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Marketers interested in learning about how technology can help with their content marketing efforts got a little help this week from the Content Marketing Institute (CMI) and ContentTECH 2015.

Hosted by CMI, ContentTECH is a one-day virtual conference, complete with live online sessions, a virtual exhibit hall, live chats, networking opportunities and even conference prizes.

Sessions and live chats covered topics such as developing unified strategies between marketing and technology, the role of content in delivering the customer experience and making sense of technology and humanity.

Rather than recap the sessions and chats, all of which may be found on the ContentTECH site, we thought we’d let you hear from the attendees and presenters yourself.

From the Networking Lounge

CMSWire spent some time during the conference hanging out in the Networking Lounge. While we were there, we asked a few experts to share with us their most interesting takeaway from the day so far. Here’s what they shared.

Data-Driven Content Marketing 

2015-27-February-Chad-Smith.jpgChad Smith
, Director of Content, Imprint Content

“In 2015 there are multiple resources and tools available to help with content marketing efforts, but you have to really understand the goal of the business to know which tools make the most sense. The output of those tools should ultimately support a continuous data-driven content marketing program.”

Unified Strategies 

2015-27-February-Jeannine-Rossignol.jpgJeannine Rossignol
, Vice President, Marketing Services for Large Enterprise Operations, Xerox Corporation

“Marketing and technology have to unify and rally around a single strategy. Great technology can’t fix bad content, nor can great content deliver results without technology.”

Personalized Content and Personas

2015-27-February-Rita-Rosenberg.jpgRita Rosenberg
, Chief Content Officer, Crimson Marketing

"The most interesting insight I’ve come across today has been in the chat session with Scott Abel. The group got on the topic of customer personas and how we as marketers use them to explain anything from website design to campaign content.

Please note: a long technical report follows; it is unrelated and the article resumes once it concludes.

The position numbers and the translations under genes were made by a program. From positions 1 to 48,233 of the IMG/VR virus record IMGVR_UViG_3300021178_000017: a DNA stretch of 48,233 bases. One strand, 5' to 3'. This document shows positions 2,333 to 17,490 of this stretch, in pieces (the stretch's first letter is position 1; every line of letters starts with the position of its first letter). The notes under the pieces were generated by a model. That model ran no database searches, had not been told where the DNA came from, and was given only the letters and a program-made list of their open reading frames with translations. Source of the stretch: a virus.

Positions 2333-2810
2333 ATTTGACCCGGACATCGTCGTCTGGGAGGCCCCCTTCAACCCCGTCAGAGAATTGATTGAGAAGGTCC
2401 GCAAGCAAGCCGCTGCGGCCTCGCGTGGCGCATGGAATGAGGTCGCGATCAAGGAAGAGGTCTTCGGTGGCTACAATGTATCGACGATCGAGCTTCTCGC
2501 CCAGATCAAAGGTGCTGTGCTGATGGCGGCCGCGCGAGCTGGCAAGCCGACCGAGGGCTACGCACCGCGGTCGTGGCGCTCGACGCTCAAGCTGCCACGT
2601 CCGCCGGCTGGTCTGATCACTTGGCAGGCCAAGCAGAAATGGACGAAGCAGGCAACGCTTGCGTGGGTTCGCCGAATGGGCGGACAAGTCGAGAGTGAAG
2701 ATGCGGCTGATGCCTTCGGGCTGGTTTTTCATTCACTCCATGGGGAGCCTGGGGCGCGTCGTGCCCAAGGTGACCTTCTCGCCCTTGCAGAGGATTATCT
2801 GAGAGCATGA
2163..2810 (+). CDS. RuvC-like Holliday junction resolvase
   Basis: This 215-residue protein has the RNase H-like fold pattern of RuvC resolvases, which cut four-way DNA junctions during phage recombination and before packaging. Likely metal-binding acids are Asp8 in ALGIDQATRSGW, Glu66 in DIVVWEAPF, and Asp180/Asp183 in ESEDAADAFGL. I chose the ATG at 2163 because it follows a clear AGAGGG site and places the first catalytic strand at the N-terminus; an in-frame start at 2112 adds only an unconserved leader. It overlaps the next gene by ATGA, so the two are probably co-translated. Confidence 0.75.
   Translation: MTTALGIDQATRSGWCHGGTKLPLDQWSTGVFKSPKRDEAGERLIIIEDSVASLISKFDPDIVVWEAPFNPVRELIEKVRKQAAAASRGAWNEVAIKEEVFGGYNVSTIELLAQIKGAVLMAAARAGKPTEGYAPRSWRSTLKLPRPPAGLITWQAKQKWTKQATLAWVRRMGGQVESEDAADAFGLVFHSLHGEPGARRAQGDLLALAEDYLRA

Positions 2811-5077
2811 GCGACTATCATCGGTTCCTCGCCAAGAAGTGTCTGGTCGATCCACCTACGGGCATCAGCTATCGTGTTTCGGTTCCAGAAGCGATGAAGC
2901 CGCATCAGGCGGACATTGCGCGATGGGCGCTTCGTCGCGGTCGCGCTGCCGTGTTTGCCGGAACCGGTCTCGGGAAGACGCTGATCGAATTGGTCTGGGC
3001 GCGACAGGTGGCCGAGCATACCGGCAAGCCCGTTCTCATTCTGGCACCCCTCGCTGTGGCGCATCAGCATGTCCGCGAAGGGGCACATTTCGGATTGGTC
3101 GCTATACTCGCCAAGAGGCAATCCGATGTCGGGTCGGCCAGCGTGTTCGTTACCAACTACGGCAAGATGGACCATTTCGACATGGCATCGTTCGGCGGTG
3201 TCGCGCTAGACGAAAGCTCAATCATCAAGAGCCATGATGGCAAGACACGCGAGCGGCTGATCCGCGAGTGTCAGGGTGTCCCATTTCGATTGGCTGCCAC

"Personas are there to help the everyday life of the marketer. But Scott brought up this fantastic point: ‘YOU need them. The people trapped in them don't care. I'm not a persona. I'm a person. Are you trying to get my loyalty or the loyalty of the persona?'

"He went on to say: ‘Personalized content is the goal. Personalized to the person, not the group of imaginary people we hope to reach.’

"To me, this seems so obvious, but at the same time, it dawned on me, that very few of us actually do this. And even less of us understand how to execute this successfully.

"A few last words from Scott on the topic: ‘If we are able to merge customer data, patterns, behaviors, and predictive analysis, I think we will rely less on the psychic-powered personas we conjure up. The future is going to be really interesting in this regard.’”

From the Live Chat Room

The conference included six live scheduled chat sessions on topics such as content marketing and customer experience, influencer marketing, interactive content, and marketing automation.

Here are the highlights from a few of these sessions.

Interactive Content

2015-27-February-Scott-Brinker.jpg Scott Brinker
, co-founder and CTO, ion interactive

"Good interactive content — through the eyes of the participant — either (a) actually helps them learn something, such as an assessment tool might, in a way that's better than just passively reading about it, or (b) provides something genuinely entertaining (like a fun little game).”

The Role of the Marketing Technologist 

2015-27-February-Jason-Stewart.jpgJason Stewart
, VP, ANNUITAS

“Sharing content via nurture or through multiple channels should NEVER be a 'set it and forget it' situation – especially when the technology tools we use provide so much data we can now leverage to improve performance.

"That's the key thing here, and why the 'marketing technologist' role is getting so much attention. We need someone to collect and interpret the vast amounts of data we are collecting from all these disparate systems, and it has to be someone who understands how marketing works in the first place."

Engaging Influencers 

2015-27-February-Amanda-Maksymiw.jpgAmanda Maksymiw
, Content Marketing Manager, Lattice Engines

“On engaging influencers, it's important to remember that you can't just dive in and make a major request. It's all about building the relationship over time. You can do this by commenting on their content, sharing or retweeting it, introducing yourself at a live event, or blogging about their content or sessions.”

Creative Commons Creative Commons Attribution 2.0 Generic License Title image by  ARTwear.ch.